March 27, 2015, 12:00 pm - September 12, 2019, 12:55 am


SEIU Conference Center
1800 Massachusetts Ave. NW
Washington, District of Columbia 20036 (Map)

How does Iran define its strategy toward the Arab world? How will its role in the fight against ISIS impact its standing in the region? And how is the regional rivalry between Iran and the Gulf shaping its political calculations?  The Middle East Institute hosted Harith al Qarawee (Harvard University), Richard LeBaron (The Atlantic Council), Alireza Nader (RAND Corporation), and Randa Slim (The Middle East Institute) for a panel discussion about Iran's engagement in the Middle East's key conflict zones, including Iraq, Syria, Lebanon, and Yemen.


Richard LeBaron is a nonresident senior fellow with the Atlantic Council and a career diplomat with a special focus on the Gulf region. Most recently, he served as founding Coordinator of the Center for Strategic Counterterrorism Communications at the U.S. Department of State. Previously, he was deputy chief of mission at the US embassy in London from August 2007 to August 2010, and chargé d'affaires from February to August 2009. Prior diplomatic postings include U.S. ambassador to Kuwait (2004 to 2007), deputy chief of mission at the Embassy of the United States in Tel Aviv, Israel (2001 to 2004), and minister-counselor for political and economic affairs at the Embassy of the United States in Cairo, Egypt (1998 to 2001). He served in Washington, DC from 1991 to 1998, where he held three Middle East related positions.

Alireza Nader is a senior international policy analyst at the RAND Corporation and author of The Days After a Deal With Iran: Continuity and Change in Iranian Foreign Policy (2014). His research has focused on Iran's political dynamics, elite decisionmaking, and Iranian foreign policy. His commentaries and articles have appeared in a variety of publications and he is widely cited by the U.S. and international media.

Harith al Qarawee is a political scientist whose research focuses on the state-society relations, political transitions, and identity politics in Iraq and the Middle East. He has written extensively for various English and Arabic academic publications and journals. He also worked as a political commentator and consultant. As a Radcliffe fellow, Al-Qarawee is writing a book titled End of Diversity: Nationhood and Religious and Sectarian Exclusion in the Arab World which will examine and discuss the relationship between sociopolitical conflict and identity and cultural exclusion in the Arab world. Al-Qarawee earned a Ph.D in political science from Scuola Superiore Sant‘Anna, in Pisa, Italy, a master’s degree in political communication from the University of Leeds, and a master’s degree in international studies from the University of Baghdad.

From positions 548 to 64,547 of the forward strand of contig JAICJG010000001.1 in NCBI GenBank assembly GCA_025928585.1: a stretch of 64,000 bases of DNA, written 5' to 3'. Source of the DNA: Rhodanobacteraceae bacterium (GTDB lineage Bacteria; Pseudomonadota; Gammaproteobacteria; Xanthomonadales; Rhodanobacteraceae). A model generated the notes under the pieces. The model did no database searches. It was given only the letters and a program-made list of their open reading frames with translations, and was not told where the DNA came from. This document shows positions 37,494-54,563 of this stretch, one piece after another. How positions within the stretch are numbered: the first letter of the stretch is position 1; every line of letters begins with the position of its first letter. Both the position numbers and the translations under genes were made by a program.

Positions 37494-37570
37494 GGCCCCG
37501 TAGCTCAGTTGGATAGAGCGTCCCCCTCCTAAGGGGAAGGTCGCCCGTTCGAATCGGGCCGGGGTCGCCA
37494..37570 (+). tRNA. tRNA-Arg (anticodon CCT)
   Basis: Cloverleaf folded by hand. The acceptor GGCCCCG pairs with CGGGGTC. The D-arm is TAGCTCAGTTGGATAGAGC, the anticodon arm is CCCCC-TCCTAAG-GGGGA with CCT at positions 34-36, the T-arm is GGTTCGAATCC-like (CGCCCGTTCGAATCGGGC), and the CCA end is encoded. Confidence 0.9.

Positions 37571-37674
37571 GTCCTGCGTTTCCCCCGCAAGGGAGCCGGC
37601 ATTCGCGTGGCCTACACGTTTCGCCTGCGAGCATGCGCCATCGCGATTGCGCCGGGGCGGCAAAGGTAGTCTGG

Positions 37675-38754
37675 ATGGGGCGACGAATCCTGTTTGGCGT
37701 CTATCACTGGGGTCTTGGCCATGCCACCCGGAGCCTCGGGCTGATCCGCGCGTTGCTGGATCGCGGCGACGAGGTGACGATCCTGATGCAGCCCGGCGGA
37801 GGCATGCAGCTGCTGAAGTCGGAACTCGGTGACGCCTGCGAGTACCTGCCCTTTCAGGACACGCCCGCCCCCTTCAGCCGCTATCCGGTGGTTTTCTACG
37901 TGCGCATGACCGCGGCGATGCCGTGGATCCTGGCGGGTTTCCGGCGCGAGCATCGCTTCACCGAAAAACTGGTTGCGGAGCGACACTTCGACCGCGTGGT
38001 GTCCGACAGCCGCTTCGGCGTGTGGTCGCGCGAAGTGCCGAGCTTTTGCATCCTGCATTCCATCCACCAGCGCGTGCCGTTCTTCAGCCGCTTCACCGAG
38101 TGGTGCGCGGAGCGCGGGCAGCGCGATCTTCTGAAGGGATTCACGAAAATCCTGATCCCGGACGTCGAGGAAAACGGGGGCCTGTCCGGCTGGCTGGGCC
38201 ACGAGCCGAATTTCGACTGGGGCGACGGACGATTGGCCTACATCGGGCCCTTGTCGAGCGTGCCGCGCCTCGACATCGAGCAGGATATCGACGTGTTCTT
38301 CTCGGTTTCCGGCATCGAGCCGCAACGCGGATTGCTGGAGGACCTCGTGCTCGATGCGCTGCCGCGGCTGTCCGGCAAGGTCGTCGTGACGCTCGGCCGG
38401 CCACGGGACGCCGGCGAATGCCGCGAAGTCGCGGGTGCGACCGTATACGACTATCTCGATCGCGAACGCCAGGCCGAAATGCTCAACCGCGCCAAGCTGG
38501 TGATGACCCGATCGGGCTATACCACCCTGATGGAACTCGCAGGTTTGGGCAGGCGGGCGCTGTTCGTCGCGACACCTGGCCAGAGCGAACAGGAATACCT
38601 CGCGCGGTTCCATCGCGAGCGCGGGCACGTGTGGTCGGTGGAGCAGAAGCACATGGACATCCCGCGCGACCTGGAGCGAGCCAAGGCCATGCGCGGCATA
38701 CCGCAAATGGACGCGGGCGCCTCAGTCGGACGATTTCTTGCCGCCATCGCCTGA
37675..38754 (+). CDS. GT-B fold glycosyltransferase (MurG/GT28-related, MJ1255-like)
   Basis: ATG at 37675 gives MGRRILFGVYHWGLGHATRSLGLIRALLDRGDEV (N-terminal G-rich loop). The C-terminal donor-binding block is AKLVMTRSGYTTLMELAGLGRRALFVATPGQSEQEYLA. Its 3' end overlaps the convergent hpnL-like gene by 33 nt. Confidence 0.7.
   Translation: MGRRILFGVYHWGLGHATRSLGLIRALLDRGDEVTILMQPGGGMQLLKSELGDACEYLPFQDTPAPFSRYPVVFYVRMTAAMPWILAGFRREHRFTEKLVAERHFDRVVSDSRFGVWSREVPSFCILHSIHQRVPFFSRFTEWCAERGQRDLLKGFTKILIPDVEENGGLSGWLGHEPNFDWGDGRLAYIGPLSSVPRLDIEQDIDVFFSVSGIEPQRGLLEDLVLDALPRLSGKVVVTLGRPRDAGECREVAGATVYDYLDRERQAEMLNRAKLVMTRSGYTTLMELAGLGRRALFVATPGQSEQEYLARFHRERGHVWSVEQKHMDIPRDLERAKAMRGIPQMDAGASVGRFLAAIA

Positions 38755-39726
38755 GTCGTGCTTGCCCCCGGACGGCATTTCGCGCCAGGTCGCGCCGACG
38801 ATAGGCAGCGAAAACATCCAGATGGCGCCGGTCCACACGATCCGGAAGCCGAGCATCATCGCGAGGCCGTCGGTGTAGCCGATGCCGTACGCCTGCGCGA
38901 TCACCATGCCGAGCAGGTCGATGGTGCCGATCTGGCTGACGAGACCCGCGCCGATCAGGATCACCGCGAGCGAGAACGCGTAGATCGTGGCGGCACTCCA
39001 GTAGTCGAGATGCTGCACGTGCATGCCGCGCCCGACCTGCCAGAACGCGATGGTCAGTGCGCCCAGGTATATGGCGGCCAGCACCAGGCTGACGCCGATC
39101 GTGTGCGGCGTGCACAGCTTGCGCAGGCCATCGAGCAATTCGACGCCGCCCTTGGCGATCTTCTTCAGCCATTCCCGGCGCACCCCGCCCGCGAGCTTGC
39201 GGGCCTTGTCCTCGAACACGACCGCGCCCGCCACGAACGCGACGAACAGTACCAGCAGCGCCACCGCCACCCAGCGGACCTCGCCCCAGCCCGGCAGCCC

Randa Slim is director of the Initiative for Track II Dialogues at The Middle East Institute and a non-resident fellow at the Johns Hopkins School of Advanced International Studies' Foreign Policy Institute. A former vice president of the International Institute for Sustained Dialogue, Slim has been a senior program advisor at the Rockefeller Brothers Fund, a guest scholar at the United States Institute of Peace, and a program officer at the Kettering Foundation. A long-term practitioner of Track II dialogue and peacebuilding processes in the Middle East and Central Asia, she co-founded in 2007 the Arab Network for the Study of Democracy, a group of academics and civil society activists from eight Arab countries. She is a member of the advisory committee of the Rockefeller Brothers Fund's Peacebuilding program and a member of the board of the Project on Middle East Democracy. The author of several studies, book chapters, and articles on conflict management, post-conflict peacebuilding, and Middle East politics, she is completing a book manuscript about Hezbollah.

Alex Vatanka is a scholar at The Middle East Institute where he focuses on Iran. He also lectures as a Senior Fellow in Middle East Studies at the U.S. Air Force Special Operations School (USAFSOS). From 2006 to 2010, he was the managing editor of Jane’s Islamic Affairs Analyst, based in Washington. From 2001 to 2006, he was a senior political analyst at Jane’s in London where he mainly covered political developments in the Middle East. His forthcoming book is Iran and Pakistan: Security, Diplomacy and American Influence.